MSU criminologist investigates public safety consolidation
In the first comprehensive work of its kind, a Michigan State University criminologist has completed a study on the implementation and outcomes of public safety consolidation – the merging of a city’s police and fire departments.
In the study, released recently in a report by the U.S. Department of Justice, professor of criminal justice Jeremy Wilson details that while public safety consolidation can work well for some communities, it isn’t the best solution for others.
“If there is one overarching lesson in our case studies, it is that consolidation of police and fire agencies is not a one-size-fits-all solution,” Wilson said. “Communities must very carefully assess for themselves if it is right for them.”
Across the United States, more than 130 communities provide consolidated police and fire services. The study examined public safety departments in states ranging from Texas to Michigan, and California to South Carolina. Michigan has the most consolidated departments of any state, with 61, which includes the communities of Meridian Township, East Grand Rapids and Kalamazoo.
Wilson hopes that this research will assist communities that are considering consolidation as an option, often as a result of budget constraints in struggling economies. He said that the knowledge gained from the study is a tool to use in exploring solutions to the contentious and sensitive issues surrounding public safety services in communities strained for resources.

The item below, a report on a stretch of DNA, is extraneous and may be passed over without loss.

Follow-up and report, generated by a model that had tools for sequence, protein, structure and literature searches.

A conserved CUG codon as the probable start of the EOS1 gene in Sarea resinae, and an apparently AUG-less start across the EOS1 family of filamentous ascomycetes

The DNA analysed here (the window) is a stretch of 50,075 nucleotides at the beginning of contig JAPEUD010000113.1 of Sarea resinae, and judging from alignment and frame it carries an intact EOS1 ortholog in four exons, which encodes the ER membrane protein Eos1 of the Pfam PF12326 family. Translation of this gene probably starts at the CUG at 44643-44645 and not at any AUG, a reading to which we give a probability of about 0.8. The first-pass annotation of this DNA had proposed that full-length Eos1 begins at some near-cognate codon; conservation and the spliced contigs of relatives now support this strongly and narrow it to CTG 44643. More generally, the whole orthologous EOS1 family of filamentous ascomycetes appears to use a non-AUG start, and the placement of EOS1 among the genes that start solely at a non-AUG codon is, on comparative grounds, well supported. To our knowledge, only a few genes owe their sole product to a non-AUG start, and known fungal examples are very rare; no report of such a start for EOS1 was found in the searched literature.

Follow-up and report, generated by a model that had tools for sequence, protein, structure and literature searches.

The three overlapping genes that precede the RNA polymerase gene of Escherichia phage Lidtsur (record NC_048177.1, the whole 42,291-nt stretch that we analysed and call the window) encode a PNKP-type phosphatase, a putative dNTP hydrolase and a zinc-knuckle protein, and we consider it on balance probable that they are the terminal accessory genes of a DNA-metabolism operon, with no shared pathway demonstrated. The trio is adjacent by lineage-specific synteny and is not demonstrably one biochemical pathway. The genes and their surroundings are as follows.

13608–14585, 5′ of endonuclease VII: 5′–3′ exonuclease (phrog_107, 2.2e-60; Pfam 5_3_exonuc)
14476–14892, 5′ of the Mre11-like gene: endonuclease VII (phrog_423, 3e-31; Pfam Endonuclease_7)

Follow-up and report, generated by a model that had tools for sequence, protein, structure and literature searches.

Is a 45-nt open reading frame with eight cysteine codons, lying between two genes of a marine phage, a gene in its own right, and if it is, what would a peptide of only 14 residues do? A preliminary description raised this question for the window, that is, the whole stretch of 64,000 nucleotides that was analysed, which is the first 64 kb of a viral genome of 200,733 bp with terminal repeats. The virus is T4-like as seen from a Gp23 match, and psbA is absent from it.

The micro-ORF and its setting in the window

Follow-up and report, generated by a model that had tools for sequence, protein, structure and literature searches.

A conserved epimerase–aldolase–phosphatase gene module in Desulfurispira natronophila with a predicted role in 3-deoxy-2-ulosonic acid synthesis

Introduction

“We’re not advocating for consolidation, we’re objectively examining its short- and long-term advantages and disadvantages,” Wilson said. “In some communities, consolidation has worked well, leading to increased efficiency and enhanced service provision, but in others it hasn’t.”
The study found that consolidation efforts generally encountered more difficulties in the larger and more diverse communities sampled. Some communities deconsolidated after encountering leadership issues or a lack of full community support, and others discovered that it simply didn’t meet their needs.
Still other communities achieved success with consolidation, in some cases surpassing firefighting standards and earning better insurance ratings than most U.S. communities. The models and methods of implementing consolidation differed as much as the outcomes these communities experienced.
“We’ve found that there are as many potential ways to consolidate public safety agencies as there are communities attempting to consolidate them,” Wilson said.
The work is one part of a portfolio of consolidation research in the Program on Police Consolidation and Shared Services at MSU’s School of Criminal Justice, and was funded through the Justice Department’s Office of Community Oriented Policing Services, or COPS Office.
Wilson’s co-researchers are Alexander Weiss and Clifford Grammich.